Netherlands

There is no capital gains tax in the Netherlands.

However a "theoretical capital yield" of 4% is taxed at a rate of 30%.

In other words, all property and savings (with the exception of owner-occupied dwelling, pensions, approved "green" investments and monies below a certain threshold) are taxed at 1.2% as a substitute for capital gains tax.

Also, dividends and "proceeds (Dutch: vervreemdingswinsten) from significant stakes" (e.g. 5% or more of the ownership of a company) are taxed at 25%. So the latter can be seen as a capital gains tax.

New Zealand

New Zealand does not have a capital gains tax in most cases. However, certain capital gains are classified as taxable income in New Zealand and thus are subject to income tax, such as regular share trading.

Norway

The individual capital gains tax in Norway is 28%. In most cases, there is no capital gains tax on profits from sale of your principal home. There is no capital gains tax for share-based profits for companies in Norway (capital gains excluding gains from property, bonds, and interest). Personal investment companies are popular for this reason, as well as single purpose companies for property investments.

Pakistan

There is currently no capital gains tax in Pakistan. However, it is anticipated that the country will levy a tax this upcoming fiscal year (2008-09). ["Several new taxes in budget, says Dar", "Dawn", 2008-05-13]

Poland

Since 2004 there is one flat tax rate (19%) on capital income. It includes: selling stocks, bonds, mutual funds shares and also interests from bank deposits.

Portugal

There is a capital gains tax on sale of home and property. Any capital gain ("mais-valia") arising is taxable as income. For residents this is on a sliding scale from 12-40%. However, for residents the taxable gain is reduced by 50%. Proven costs that have increased the value during the last five years can be deducted. For non-residents, the capital gain is taxed at a uniform rate of 25%. The capital gain which arises on the sale of own homes or residences, which are the elected main residence of the taxpayer or his family, is tax free if the total profit on sale is reinvested in the acquisition of another home, own residence or building plot in Portugal.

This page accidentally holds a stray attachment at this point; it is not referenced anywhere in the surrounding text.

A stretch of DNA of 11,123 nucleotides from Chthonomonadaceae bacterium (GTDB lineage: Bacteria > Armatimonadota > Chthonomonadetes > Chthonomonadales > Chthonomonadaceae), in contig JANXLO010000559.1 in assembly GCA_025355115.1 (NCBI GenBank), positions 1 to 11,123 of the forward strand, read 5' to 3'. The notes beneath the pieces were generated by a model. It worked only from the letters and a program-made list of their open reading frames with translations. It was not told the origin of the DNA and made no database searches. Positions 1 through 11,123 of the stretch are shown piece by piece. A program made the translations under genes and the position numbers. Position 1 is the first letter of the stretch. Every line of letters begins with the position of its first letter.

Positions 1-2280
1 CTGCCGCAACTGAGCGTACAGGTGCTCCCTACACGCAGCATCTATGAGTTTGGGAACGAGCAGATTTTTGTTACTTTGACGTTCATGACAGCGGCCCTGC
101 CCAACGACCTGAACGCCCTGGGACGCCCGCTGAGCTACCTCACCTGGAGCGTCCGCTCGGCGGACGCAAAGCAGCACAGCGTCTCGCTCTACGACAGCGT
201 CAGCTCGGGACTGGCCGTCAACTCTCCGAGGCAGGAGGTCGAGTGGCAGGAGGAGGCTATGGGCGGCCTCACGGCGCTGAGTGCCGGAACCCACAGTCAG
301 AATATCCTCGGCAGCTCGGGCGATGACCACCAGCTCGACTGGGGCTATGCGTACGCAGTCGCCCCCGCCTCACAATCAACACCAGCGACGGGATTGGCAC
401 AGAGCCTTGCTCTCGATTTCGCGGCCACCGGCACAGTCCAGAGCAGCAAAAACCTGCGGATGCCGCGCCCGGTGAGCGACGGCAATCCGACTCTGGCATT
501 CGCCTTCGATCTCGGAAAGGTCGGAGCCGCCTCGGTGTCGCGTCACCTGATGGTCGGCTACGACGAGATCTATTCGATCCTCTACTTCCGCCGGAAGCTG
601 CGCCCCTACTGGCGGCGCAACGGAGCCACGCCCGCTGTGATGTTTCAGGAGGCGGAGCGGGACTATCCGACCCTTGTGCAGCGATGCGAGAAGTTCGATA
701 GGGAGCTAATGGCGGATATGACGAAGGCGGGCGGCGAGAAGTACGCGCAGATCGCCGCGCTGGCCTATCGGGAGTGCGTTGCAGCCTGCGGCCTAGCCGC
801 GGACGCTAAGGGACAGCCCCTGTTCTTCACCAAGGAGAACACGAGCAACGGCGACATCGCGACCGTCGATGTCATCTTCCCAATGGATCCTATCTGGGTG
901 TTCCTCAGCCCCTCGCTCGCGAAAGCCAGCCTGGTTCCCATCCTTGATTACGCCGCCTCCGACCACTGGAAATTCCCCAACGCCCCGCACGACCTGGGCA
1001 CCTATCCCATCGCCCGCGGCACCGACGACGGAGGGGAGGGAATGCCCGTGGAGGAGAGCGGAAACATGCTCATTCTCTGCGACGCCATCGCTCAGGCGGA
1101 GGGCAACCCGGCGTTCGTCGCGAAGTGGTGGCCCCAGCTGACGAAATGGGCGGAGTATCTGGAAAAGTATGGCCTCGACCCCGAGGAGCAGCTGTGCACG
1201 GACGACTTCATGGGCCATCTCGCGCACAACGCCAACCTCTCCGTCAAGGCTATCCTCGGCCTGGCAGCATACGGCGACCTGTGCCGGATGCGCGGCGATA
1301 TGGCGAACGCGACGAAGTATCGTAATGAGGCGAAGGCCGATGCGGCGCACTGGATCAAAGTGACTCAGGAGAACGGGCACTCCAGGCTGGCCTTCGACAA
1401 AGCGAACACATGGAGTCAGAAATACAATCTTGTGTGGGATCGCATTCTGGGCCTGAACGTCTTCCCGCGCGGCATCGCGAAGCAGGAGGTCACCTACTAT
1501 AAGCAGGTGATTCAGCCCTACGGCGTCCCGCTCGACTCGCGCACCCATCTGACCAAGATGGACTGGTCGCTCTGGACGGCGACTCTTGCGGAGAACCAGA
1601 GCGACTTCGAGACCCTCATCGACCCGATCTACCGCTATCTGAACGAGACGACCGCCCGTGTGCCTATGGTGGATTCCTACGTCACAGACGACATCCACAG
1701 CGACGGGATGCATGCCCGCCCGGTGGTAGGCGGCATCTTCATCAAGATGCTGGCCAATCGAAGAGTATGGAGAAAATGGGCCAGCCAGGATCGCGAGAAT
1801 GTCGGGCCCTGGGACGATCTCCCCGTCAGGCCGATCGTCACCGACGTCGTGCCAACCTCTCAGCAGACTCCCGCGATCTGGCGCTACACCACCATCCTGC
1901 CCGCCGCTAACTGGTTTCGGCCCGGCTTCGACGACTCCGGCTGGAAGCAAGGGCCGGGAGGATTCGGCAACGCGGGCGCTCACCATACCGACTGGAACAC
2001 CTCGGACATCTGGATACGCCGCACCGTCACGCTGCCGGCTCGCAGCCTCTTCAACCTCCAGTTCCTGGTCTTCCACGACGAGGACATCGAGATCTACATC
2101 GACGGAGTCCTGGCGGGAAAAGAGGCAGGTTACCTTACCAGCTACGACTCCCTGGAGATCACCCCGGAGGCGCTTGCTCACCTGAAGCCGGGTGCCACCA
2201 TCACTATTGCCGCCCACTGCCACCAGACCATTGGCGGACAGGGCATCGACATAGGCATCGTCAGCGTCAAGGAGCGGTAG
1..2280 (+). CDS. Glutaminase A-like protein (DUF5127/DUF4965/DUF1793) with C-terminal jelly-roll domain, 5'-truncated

In 1986 and 1987 Portuguese corporations changed their capital structure by increasing the weight of equity capital. This was particularly notorious on quoted companies. In these two years, the government set up a large number of tax incentives to promote equity capital and to encourage the quotation on the stock exchange. Currently, for stock held for more than twelve months the capital gain is exempt. The capital gain of stock held for shorter periods of time is taxable on 10%.

Russia

There is no separate tax on capital gains; rather, gains or gross receipt from sale of assets are absorbed into income tax base. Taxation of individual and corporate taxpayers is distinctly different:
* Capital gains of individual taxpayers are tax free if the taxpayer owned the asset for at least three years. If not, gains on sales on real estate and securities are absorbed into their personal income tax base and taxed at 13% (residents) and 30% (non-residents). A tax resident is any individual residing in the Russian Federation for more than 183 days in the past year.
* Capital gains of resident corporate taxpayers operating under "general tax framework" are taxed as ordinary business profits at the common rate of 24%, regardless of the ownership period. Small businesses operating under "simplified tax framework" pay tax not on capital gains, but on gross receipts at 6% or 18%.
* Dividends that may be included into gains on disposal of securities are taxed at source at 9% (residents) and 15% (non-residents) for either corporate or individual taxpayers.

ingapore

There is no capital gains tax in Singapore.

outh Korea